Erlang syntax is quite simple. Like Bob says in the video, it takes about a single day to get used to. I’ve been programming in both Perl and C++ for exactly 20 years now, for example, and I can confidently say that Erlang is much easier syntax-wise than either of them. But frankly neither of them bother me much as far as syntax goes, either.

  4. steve says:

    April 14th, 2008 at 6:32 pm (#)

    Cedric: reuse does not require OO. I get quite a bit of reuse out of Erlang, and I get reuse out of emacs-lisp too. When I used to use C I got a fair bit of reuse out of it too, and many still do. What about reuse in Perl and Python? Check. Reuse comes from properly expressing abstractions with the appropriate facilities provided by the language at hand.

    Have you ever written a book? I have. One thing you have to do when writing a book is make the examples relatively self-contained, otherwise the readers send you unfriendly emails and write unfriendly reviews for making them page around to find the parts of the code you “reused” and thus left out of the example they happen to be staring at. The moral of the story is that you shouldn’t judge whether Erlang allows for reusability only by looking at examples in a book.

  5. Cedric says:

    April 15th, 2008 at 11:56 am (#)

    Hi Steve,

    Yes, I wrote a book as well (“Next Generation Testing in Java”). Your point is well taken regarding the need to show self-contained examples to your readers.

    I still stand by my claim that Erlang makes reuse difficult in general, but it’s more due to pattern matching than Erlang per se. The problem with pattern matching is that it’s basically a glorified switch/case, and there is no easy way to reuse existing ones (another problem with pattern matching is that it completely breaks encapsulation, but that’s a separate topic).

    I agree that Erlang’s syntax is easier than Perl and C++, but that’s setting the bar a bit low, don’t you think? :-) Personally, I found Erlang’s terminators quite confusing, but that’s fine, I can deal with esoteric syntaxes if it’s worth it. I just don’t think Erlang is.

    I took a deep dive into Erlang some time ago, and here are my impressions:

    http://beust.com/weblog/archives/000461.html
    http://beust.com/weblog/archives/000464.html

    In a nutshell: I enjoyed the book and I liked having my traditional conceptions of software engineering challenged, but Erlang suffers from too many deficiencies (detailed in my posts) to stand a chance of becoming mainstream any time soon. I was particularly disappointed to realize that the claims about Erlang heling with concurrent programming extremely exaggerated.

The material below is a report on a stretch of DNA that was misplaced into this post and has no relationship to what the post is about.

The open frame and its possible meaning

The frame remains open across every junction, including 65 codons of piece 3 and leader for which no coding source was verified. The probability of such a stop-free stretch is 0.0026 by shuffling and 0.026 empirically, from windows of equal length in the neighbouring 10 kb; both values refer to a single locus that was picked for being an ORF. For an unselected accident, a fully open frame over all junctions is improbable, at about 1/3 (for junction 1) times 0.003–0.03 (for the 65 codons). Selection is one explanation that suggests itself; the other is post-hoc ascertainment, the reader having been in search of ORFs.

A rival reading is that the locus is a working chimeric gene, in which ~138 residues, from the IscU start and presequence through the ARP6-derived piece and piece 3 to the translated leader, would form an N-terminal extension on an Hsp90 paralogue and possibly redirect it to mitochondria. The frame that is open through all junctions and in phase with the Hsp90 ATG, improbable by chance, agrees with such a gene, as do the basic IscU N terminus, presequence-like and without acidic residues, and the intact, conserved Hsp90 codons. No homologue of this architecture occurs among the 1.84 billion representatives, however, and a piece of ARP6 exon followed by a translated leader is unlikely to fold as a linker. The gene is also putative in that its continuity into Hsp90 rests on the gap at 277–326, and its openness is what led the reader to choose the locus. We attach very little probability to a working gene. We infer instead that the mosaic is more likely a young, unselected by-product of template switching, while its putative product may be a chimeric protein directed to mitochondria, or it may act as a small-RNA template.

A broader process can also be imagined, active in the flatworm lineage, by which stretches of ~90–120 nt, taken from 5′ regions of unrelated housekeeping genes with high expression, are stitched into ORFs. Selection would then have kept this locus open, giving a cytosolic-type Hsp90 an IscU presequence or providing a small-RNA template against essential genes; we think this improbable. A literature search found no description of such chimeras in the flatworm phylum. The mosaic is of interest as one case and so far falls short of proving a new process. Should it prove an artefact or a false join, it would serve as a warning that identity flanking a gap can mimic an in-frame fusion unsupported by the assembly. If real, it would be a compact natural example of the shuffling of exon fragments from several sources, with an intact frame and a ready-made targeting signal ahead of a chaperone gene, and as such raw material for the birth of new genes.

6. steve says:

    April 15th, 2008 at 7:38 pm (#)

    Cedric: how much production Erlang code have you written? I’ve written quite a lot and I simply don’t see the issues you claim are there.

    I remember reading those blog entries you cite in your comment above, and I remember strongly disagreeing with them. The opinions you state there simply don’t strike me as having been born of real in-depth experience with the language.

    For example, if you didn’t find that Erlang was head-and-shoulders above almost all other languages when it comes to concurrency, then I really do fear that you somehow got yourself onto a very wrong track. Erlang’s concurrency support is easily and clearly superior to anything I’ve seen before, and trust me, I’ve been developing concurrent systems for a very long time.

    At the end of the day, if you don’t want to use Erlang, then that’s your choice. It doesn’t affect me one way or another, as I fully intend to continue to take full advantage of it.

  7. Ulf Wiger says:

    April 19th, 2008 at 12:55 pm (#)

    The claim that Erlang makes reuse hard comes up here and there in the blogosphere, but I don’t recall hearing it from someone who’s actually written serious code in Erlang.

    I would claim the opposite, based on my experience from large software projects using Erlang during the past 12 years. Not only do I find reuse quite easy in Erlang – I believe that we practically always achieve a much higher degree of reuse than similar projects in C++ or Java. We have also found that it is fairly easy to rewrite parts – even fairly large parts – without jeopardizing quality or performance. This is vitally important in long-running projects, and when building lots of different products on the same software base.

    Things that greatly simplify reuse in Erlang are polymorphism and pattern-matching, of course, as well as the black-box style programming, but also the fact that it has a pretty clear idea of how software should be written. OTP takes this further and provides ‘behaviours’ and libraries and a consistent notion of architecture and programming style.

    My impression of reuse in C++ is that, while it is quite possible to achieve a high degree of reuse in you own code, reusing code from other projects is much more problematic.